Bridgeville Remembered


Incorporation of a New Borough -- 1900 to 1910

By John F. Oyler

Three extremely significant events occurred in this time period – Bridgeville’s secession from Upper St. Clair Township and incorporation as an autonomous borough, the construction of the Wabash Railroad, and the industrial development in Kirwan Heights.

In 1900 Bridgeville was the largest unincorporated village in Allegheny County, with well over 2000 inhabitants. The remainder of Upper St. Clair Township was a collection of farms and “coal patch” towns like Essen and Beadling. The Bridgeville residents believed that their need for schools, paved streets, water and sewage systems, etc. could best be served by becoming an independent municipality.

A petition signed by ninety four property owners was presented to the Allegheny County Clerk of Court by attorney George P. Murray, John F. Hosack, J. D. Meise, W. W. Murray, George S. Orth, and W. G. Pugh on March 11, 1901. The list of petitioners is interesting. It includes many familiar names – Baird, Collins, Cox, Foster, Gilmore, Jones, Lesnett, Morgan, Patton, Roach, Russell, and Shidle. For the first time we begin to see the names of “foreigners” – Lewandowsky, Maioli, Rovesti, and Viale.

Equally interesting is the absence of a number of prominent Bridgeville citizens. Where is C. P. Mayer? Or Joseph Lutz? Or Amos Fryer? Or Joseph Wright? Were they opponents to secession? Their absence is more than made up for by the Poellot family – various forms of their name show up in seven different places.

On July 27, 1901, the Court of Quarter Sessions decreed that Bridgeville be incorporated as a borough. John F. Hosack was elected Bugess; Dr. S. J. S. Fife, President of the Borough Council; S. A. Foster, Treasurer; John F. Vance, Clerk; and R. L. McMillen, Constable.

When Jay Gould died, his son, George Jay Gould inherited a fortune and control of two railroads – the Denver Rio Grande Western and the Missouri Pacific. In an effort to emulate the successes of his father, George attempted to put together a conglomerate of railroads that would provide transcontinental service from the East Coast to California. Key to this was the acquisition of control of the Wabash Railroad in the Midwest and the establishment of the Wabash Pittsburgh Terminal Railway (WPTR) between Toledo, Ohio, and Pittsburgh.

The WPTR passed through Bridgeville before following Millers Run west. Gould acquired a significant amount of land in Bridgeville and announced plans to build a major railroad facility here, supported by “Gould City”, a planned community for the railroad workers. Before this could occur, financial difficulties with the unwieldy system Gould put together led to bankruptcy of the WPTR in 1908. It was eventually reorganized as the Pittsburgh and West Virginia Railway in 1916; it currently is being operated profitably as the Wheeling and Lake Erie Railway.

Mr. Gould died in 1923 from an illness that began at a visit to King Tut’s Tomb in Egypt. He is one of a long list of prominent persons whose deaths have been attributed to “the curse of the mummy”, which is said to punish anyone who desecrates the Pharaoh’s Tomb.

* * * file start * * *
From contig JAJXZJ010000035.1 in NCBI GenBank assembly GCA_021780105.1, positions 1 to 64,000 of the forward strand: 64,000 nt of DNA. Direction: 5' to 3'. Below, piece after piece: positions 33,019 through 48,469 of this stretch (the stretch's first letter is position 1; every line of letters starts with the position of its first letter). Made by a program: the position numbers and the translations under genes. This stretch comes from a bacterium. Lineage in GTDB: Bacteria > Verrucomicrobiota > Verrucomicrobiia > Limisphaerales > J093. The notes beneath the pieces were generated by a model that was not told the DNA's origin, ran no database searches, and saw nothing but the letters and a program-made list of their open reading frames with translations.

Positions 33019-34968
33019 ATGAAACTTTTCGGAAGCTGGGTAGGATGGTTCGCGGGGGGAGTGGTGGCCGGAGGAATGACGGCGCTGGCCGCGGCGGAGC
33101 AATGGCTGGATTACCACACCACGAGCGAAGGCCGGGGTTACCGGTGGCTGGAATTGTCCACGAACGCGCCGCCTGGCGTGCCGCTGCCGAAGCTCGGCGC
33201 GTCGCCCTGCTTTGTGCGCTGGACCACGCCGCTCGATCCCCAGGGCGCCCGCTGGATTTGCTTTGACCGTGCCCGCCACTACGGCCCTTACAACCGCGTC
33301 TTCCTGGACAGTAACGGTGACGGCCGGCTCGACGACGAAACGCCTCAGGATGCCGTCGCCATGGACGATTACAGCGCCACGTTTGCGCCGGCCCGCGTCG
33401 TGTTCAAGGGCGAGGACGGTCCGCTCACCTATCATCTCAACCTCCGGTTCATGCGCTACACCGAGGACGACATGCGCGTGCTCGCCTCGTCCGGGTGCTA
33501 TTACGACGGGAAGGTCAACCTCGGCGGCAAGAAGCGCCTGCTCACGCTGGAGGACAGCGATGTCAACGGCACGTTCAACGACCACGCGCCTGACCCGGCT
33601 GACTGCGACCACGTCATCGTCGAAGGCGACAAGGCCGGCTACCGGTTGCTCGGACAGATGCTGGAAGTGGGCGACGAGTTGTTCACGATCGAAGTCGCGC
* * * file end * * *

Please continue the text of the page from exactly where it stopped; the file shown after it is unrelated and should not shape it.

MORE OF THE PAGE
Early in the 1900s C. P. Mayer established the Bridgeville Land Improvement Company. They acquired land in the Kirwan Heights area of Collier Township just north of Bridgeville, with the purpose of promoting the establishment of industries there. The property was ideally situated to be served by three different railroads – the Pennsylvania; the Pittsburgh, Chartiers, and Youghiogheny: and the Wabash Pittsburgh Terminal Railway.

To demonstrate the advantages of the site, Mayer established the C. P. Mayer Brick Company in 1903 and constructed one of the largest brick producing facilities in this part of the country. It mined clay on the hillside adjacent to the plant and produced high quality bricks for paving streets as well as for building construction. Mayer bricks with their characteristic “dog bone” lugs and “Bridgeville, Pa” embossed on them were common everywhere in the Tri-state area. Under different management the brick yard operated well into the 1950s.

The Land Improvement company’s second client, in 1904, was the Flannery Bolt Company. Brothers Joseph and James Flannery acquired rights to technology required to manufacture “staybolts”, a key component in high pressure boilers and locomotives, and built a plant here to produce them.

Realizing that the steel used to manufacture staybolts required alloying with vanadium, a commodity in scarce supply, the Flannery Brothers decided to diversify. They established the American Vanadium Corporation in 1907 and built a plant adjacent to the Bolt Company to process vanadium ore imported from South America and produce ferro-vanadium, a valuable alloying agent. Both plants operated well into the 1950s. During World War II the Bolt Company earned an “Army-Navy E” award for its production of machine gun barrels.

Also in 1907 the Land Improvement Company persuaded the J. B. Higbee Glass Company to build a new plant here, replacing one in Pittsburgh that had been destroyed by fire. Higbee produced an extensive line of pressed glass tableware that is still popular with collectors. It featured a distinctive trademark, a figure of a bumblebee with the letters H, I, and G on its wings and body. In 1918 the General Electric Company purchased the facility from the Higbee family and converted it into a plant producing glass for industrial purposes, a plant that is still in existence.

The final client for the Land Development Company was the Universal Rolling Mill Company. In 1908 a group of men from Washington, Pa., with experience in steel making acquired a three stand rolling mill and built a small plant here. Walter H. Baker was the plant manager. Using scrap locomotive wheels as a raw material, they produced sheet steel for fabrication of shovels. The operation grew rapidly as did the product line. A few years later they installed the first electric arc furnace in the Pittsburgh area and quickly became prominent in the production of specialty steels. The facility currently is operated by Universal Stainless Incorporated.